Integration of the Soyuz is now complete for Friday’s Arianespace Spaceport mission with Pléiades 1B
Arianespace’s fourth Soyuz for launch from the Spaceport in French Guiana is now undergoing final checkout for a November 30 evening liftoff following installation of its Pléiades 1B observation satellite atop the medium-lift vehicle.
Pléiades 1B’s mating with Soyuz occurred during the second half of yesterday, only hours after this Russian-built vehicle was rolled out to the launch pad in the Spaceport’s northwestern sector. The satellite was fitted as part of an integrated payload “stack,” consisting of the very-high-resolution optical spacecraft, the Fregat upper stage that will place it into a circular orbit, and the Soyuz ST fairing.
This activity occurred inside the 53-meter-tall mobile gantry that provides a protected environment for the vertical payload installation – which is one of the main differences in launcher handling at the Spaceport compared to the horizontal processing of vehicles on Soyuz launch sites at the Baikonur Cosmodrome in Kazakhstan and Plesetsk Cosmodrome in Russia.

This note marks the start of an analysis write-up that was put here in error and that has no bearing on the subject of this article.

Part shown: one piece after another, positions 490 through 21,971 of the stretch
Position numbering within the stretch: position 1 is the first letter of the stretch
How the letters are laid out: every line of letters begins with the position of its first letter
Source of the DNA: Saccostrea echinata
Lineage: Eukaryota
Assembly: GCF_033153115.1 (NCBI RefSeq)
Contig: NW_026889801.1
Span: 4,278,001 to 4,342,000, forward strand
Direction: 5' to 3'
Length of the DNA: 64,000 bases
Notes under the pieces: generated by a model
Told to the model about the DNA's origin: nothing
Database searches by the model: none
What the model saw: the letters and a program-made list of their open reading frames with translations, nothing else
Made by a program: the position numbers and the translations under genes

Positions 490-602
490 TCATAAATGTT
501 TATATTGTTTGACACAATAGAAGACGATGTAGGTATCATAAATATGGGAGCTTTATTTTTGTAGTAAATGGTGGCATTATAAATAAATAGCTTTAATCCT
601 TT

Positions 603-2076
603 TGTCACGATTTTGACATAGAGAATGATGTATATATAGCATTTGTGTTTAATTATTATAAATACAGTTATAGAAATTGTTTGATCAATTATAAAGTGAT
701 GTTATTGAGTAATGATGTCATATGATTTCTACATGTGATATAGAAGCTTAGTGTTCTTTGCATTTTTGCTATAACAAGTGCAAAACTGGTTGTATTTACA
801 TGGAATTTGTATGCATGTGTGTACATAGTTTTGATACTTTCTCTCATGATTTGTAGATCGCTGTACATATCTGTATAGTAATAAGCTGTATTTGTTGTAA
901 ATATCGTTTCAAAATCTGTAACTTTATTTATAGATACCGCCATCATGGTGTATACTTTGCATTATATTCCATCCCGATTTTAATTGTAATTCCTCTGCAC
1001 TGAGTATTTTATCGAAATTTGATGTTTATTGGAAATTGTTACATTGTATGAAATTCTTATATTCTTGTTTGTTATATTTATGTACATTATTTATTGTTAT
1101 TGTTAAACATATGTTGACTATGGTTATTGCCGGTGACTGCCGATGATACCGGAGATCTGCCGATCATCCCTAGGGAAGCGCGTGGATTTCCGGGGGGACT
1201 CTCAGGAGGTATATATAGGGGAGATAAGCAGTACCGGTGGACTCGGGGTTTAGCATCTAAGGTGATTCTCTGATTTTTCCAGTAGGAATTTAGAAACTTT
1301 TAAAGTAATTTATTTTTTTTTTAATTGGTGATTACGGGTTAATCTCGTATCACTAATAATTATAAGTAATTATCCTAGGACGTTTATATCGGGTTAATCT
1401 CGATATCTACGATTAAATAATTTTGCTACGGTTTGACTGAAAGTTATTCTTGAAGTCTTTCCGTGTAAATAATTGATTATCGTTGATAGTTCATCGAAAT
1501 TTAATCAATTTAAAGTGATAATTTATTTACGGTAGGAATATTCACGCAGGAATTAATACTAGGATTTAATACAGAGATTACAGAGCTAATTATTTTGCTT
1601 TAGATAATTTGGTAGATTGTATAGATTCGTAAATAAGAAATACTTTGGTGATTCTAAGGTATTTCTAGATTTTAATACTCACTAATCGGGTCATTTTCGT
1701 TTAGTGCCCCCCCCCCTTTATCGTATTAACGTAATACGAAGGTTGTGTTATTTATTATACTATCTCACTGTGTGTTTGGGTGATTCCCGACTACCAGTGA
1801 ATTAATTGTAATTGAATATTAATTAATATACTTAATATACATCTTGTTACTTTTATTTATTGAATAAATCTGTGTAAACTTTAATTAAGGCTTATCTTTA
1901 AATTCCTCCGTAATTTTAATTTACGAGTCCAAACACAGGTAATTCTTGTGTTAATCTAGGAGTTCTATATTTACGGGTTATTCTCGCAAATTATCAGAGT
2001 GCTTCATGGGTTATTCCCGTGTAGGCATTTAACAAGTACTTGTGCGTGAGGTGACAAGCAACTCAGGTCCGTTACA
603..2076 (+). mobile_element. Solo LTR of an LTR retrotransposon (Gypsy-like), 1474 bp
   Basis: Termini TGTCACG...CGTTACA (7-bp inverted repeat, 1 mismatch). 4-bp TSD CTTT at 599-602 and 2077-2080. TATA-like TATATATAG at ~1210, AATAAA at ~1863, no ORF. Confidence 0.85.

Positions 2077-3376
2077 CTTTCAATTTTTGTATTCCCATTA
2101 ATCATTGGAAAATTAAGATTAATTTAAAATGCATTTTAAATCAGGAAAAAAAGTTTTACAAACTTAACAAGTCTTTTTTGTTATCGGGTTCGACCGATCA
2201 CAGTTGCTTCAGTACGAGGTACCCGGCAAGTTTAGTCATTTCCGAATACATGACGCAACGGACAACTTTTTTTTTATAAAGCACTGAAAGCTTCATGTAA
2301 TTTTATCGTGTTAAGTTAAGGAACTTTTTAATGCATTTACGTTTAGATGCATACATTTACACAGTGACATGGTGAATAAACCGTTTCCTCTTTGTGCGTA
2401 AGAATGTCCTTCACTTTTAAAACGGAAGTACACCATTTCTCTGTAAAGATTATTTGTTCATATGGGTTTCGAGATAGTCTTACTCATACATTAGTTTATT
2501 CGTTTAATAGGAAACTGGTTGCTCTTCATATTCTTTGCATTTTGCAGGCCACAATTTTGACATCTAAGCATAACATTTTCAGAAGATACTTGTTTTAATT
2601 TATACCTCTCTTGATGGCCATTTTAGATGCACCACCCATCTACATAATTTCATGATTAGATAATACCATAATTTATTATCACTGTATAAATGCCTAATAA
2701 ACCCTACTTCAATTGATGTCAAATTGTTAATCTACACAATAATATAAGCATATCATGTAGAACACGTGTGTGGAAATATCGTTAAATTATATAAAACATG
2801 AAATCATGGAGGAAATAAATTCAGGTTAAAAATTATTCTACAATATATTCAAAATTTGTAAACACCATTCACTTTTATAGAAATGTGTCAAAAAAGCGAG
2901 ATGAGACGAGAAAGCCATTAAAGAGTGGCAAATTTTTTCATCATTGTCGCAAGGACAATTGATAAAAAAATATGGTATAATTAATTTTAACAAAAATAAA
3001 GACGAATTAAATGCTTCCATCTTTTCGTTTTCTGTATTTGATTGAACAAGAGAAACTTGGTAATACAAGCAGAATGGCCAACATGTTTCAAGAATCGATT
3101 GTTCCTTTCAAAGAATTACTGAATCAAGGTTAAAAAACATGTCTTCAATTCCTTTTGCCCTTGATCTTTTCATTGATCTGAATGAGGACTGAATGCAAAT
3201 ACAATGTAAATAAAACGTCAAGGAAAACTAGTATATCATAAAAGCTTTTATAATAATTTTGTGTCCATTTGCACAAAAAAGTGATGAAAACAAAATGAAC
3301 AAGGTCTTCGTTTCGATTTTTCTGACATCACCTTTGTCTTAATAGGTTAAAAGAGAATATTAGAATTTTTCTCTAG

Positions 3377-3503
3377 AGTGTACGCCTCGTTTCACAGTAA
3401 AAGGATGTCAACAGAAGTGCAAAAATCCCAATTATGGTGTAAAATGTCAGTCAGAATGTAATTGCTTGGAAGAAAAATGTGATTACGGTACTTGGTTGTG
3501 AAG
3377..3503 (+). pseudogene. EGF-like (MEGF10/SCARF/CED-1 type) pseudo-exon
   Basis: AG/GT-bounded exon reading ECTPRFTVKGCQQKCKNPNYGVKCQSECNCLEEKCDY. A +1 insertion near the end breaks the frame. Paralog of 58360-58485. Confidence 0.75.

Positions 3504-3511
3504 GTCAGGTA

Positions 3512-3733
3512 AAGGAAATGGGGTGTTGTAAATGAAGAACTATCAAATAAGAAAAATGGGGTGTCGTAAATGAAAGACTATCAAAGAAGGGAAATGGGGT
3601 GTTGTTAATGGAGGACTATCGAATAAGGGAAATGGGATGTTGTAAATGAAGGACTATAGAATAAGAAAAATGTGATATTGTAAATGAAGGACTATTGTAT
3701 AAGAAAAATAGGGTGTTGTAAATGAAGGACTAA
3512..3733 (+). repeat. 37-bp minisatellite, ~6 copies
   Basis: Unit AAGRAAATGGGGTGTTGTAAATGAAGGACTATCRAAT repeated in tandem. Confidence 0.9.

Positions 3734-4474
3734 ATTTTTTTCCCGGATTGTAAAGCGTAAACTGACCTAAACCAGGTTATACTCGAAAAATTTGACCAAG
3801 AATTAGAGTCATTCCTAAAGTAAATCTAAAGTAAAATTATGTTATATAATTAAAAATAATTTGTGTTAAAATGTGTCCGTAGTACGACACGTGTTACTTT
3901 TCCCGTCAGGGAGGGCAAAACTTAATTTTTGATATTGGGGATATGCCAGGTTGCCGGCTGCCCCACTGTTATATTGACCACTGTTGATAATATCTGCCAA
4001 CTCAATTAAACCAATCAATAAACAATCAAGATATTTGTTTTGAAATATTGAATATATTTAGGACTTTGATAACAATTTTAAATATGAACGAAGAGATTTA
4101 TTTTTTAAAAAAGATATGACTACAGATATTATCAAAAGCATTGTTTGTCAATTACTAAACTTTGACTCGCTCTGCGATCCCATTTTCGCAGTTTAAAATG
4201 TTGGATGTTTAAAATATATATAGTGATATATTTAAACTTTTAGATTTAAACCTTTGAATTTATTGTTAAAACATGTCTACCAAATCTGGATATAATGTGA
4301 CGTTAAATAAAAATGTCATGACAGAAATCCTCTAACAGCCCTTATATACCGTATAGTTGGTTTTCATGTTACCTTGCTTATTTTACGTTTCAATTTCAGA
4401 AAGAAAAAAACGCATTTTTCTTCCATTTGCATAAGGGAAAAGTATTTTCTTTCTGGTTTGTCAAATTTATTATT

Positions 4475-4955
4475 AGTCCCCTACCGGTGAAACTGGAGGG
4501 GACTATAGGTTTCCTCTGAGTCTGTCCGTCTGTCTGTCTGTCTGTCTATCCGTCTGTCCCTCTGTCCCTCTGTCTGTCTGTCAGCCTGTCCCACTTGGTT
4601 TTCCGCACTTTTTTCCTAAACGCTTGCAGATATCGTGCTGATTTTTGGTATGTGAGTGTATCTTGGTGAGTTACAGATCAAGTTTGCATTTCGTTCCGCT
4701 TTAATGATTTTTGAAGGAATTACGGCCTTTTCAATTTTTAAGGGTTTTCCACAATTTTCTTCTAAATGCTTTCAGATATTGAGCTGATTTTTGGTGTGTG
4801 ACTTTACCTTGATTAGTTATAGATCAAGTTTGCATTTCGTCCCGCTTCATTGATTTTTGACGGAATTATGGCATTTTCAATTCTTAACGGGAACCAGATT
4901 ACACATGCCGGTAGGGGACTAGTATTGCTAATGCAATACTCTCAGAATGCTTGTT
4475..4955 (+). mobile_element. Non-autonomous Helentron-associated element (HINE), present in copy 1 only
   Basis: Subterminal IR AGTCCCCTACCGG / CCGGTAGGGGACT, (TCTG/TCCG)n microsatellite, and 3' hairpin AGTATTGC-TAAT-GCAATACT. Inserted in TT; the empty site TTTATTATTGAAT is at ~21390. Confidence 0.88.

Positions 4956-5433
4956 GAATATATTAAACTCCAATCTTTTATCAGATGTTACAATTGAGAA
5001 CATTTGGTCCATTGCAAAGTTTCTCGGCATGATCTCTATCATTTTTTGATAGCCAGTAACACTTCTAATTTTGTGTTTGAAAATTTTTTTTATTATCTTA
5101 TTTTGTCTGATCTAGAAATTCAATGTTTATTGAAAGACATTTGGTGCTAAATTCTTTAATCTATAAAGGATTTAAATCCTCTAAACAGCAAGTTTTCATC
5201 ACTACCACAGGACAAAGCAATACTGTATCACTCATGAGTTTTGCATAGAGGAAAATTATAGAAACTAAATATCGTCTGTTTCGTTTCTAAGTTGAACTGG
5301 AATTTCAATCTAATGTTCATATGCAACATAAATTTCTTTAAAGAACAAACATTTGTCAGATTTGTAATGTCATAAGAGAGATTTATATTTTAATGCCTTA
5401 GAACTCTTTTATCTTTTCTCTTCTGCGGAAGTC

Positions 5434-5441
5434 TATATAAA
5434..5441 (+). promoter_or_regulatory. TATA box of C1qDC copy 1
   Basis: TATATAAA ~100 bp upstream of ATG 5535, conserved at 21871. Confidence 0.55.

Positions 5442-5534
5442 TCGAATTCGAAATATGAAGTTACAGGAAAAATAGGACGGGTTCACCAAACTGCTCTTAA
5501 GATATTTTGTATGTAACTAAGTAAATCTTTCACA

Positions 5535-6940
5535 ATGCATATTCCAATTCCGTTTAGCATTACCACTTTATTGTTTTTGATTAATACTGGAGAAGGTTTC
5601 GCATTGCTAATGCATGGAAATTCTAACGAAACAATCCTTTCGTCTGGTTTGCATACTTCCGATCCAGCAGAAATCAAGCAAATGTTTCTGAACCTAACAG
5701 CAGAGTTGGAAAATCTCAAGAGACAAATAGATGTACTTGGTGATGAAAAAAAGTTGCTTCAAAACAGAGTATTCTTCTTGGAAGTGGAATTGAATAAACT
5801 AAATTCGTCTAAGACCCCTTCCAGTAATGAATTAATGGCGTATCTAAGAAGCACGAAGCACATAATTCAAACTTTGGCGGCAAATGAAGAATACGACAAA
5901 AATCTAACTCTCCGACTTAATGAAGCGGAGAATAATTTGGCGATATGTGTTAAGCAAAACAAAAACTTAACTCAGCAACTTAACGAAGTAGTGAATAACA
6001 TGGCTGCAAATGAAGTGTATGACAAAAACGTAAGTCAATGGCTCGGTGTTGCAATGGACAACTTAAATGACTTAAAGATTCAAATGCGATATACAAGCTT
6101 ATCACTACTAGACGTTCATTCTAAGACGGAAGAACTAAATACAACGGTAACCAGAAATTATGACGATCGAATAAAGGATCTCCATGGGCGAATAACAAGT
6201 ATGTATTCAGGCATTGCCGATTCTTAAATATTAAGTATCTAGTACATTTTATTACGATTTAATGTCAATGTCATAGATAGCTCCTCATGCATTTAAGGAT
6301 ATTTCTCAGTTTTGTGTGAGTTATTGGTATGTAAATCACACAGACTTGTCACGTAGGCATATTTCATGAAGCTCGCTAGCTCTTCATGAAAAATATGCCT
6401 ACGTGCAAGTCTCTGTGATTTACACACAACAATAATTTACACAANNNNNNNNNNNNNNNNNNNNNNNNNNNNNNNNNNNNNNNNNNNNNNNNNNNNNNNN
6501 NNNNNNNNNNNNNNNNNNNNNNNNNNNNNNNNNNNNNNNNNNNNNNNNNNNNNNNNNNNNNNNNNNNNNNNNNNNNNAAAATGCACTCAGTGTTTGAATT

The dual-use Pléiades 1B spacecraft has a fueled mass of approximately 1 metric ton, and is designed to offer optical imaging coverage for French and European defense ministries, institutions and civil users. Operating from a 695-km. circular orbit, it will join the twin Pléiades 1A satellite launched by Arianespace last December on Soyuz’ second mission from the Spaceport. Both spacecraft were built by the Astrium division of EADS.
France’s CNES space agency is prime contractor and architect for the Pléiades system, which is part of a joint effort with Italy’s Cosmo-Skymed satellite series, which provides radar imaging coverage of the Earth. Participants in the Pléiades program are the space agencies of France, Austria, Belgium, Spain and Sweden; along with the defense ministries of France, Italy and Spain.